A recent study shows how successful the Market Access Program and the Foreign Market Development programs are and can be. It would be a shame if the funding for these programs were reduced in the upcoming farm bill.
The U.S. Department of Agriculture has already begun holding listening sessions for the 2012 farm bill.
Two of the most successful public/private partnerships consistently funded in previous farm bills are the Market Access Program and the Foreign Market Development program.
These programs have been instrumental in increasing U.S. agricultural exports worldwide.
The Foreign Agricultural Service of the USDA recently commissioned Global Insight Inc., a respected private economic and financial firm, to analyze the effects of these two programs. The results demonstrated the varying and positive ways that the MAP and FMD programs help U.S. farmers through increased exports.
This in turn can help support jobs, not only in the local community, but in complementary industries such as packaging, equipment and transportation.
Using econometric models for bulk commodities and high value products, Global Insight isolated the unique long-run trade effects of market development.
Their findings showed that the multi-year effect of the increase in market development expenditures during 2002-09 by industry and government is equal to $35 in agricultural export gains for each $1 spent â 35-1 is a good return for anyoneâs dollar.
In addition, the total economic gain to the U.S. economy from increased market development activity is estimated to be an average of $1.1 billion annually from 2002-09. So these programs not only help the specific commodities involved, but also the U.S. economy as a whole, keeping and creating jobs in many sectors.
The programs were shown to help increase U.S. export market share, rising from 18.6% in 2002 to 19.9% in 2009, with the value of trade rising from $90.5 billion to $96.1 billion.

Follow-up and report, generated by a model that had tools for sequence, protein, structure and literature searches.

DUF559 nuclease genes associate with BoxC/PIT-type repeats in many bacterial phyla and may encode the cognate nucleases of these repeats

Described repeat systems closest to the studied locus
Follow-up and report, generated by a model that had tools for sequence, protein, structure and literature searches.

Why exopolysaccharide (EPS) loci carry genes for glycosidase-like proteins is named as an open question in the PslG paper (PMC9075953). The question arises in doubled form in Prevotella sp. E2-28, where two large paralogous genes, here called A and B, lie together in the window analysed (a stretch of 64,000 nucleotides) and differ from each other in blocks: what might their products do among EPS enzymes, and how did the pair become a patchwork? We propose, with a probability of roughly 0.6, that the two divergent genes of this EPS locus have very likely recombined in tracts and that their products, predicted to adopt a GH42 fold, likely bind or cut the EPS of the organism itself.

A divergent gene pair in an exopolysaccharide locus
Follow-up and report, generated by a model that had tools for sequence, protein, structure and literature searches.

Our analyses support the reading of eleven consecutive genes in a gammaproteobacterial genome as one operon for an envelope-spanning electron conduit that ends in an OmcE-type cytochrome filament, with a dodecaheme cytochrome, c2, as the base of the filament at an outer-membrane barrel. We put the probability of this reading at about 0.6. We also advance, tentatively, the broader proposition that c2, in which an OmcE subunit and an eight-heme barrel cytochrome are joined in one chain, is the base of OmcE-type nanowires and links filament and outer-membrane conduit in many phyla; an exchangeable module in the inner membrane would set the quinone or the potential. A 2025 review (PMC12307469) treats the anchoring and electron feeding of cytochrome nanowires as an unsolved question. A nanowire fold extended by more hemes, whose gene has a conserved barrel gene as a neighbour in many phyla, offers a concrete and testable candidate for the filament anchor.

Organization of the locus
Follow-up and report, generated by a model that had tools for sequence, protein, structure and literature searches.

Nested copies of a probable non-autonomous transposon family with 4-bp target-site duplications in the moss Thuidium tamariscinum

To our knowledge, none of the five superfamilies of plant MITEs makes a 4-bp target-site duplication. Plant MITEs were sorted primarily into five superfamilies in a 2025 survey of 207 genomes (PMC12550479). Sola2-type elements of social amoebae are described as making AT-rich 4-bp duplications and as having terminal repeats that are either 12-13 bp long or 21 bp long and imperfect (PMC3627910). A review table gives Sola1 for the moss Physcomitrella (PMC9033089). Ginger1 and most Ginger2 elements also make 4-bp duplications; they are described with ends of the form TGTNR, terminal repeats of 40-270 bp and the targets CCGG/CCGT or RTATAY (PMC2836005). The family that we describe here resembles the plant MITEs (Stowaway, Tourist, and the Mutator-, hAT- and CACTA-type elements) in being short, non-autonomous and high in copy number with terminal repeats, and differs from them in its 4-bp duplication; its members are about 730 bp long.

The programs are World Trade Organization compliant, which means our trading partners, who also outspend the U.S. in providing government funds to increase their exports, cannot use these programs as a legal reason to raise their own barriers to trade.
Technical assistance and trade servicing (including trade policy support) accounted for most of USDAâs market development programs at 60%, while consumer promotions accounted for only 20%.
As a public/private partnership, industry is very active in the program. Industry contributions, when added to the current $234.5 million in government funding, bring the total level of funding to over $570 million per year.
In addition, the program unites and commits a significant level of industry funding to engage in overseas market development activities that supplement but do not supplant the industryâs activities.
Other findings that should be of significant concern showed that a 50% decrease (less $280 million) in government and industry spending in these market development programs would produce the following results:
- U.S. share of rest-of-world imports would decline by $8.9 billion from 2009-2018;
- Farm cash receipts would fall by an average of $5.92 billion (1.8%), and net cash income would decrease by $2.0 billion (2.6%) from 2012-18; and
- The resulting reduced income and overall farm activity would cause farm assets to decline in value by $44 billion and government farm income support payments to increase $60 million because of lower commodity prices.
The report concludes that an overall loss in economic benefits is about 13.5 times greater than the savings taxpayers would see from not funding the program, and about 5.7 times greater than the combined cost reduction to taxpayers and cooperators.
This analysis clearly shows the benefit of these programs that provide a basis for coordinated U.S. market development efforts that would otherwise be fragmented, underfunded or nonexistent.
The MAP and FMD programs provide an important marketing tool to help farmers compete in the increasingly competitive world economy.
Kevin Moffitt is president and chief executive officer of the Pear Bureau Northwest, Milwaukie, Ore., and is chairman of the U.S. Agricultural Export Development Council, a non-profit private sector trade association acting as a catalyst between the roughly 80 groups that receive FMD and MAP funding and the USDAâs Foreign Agricultural Service.
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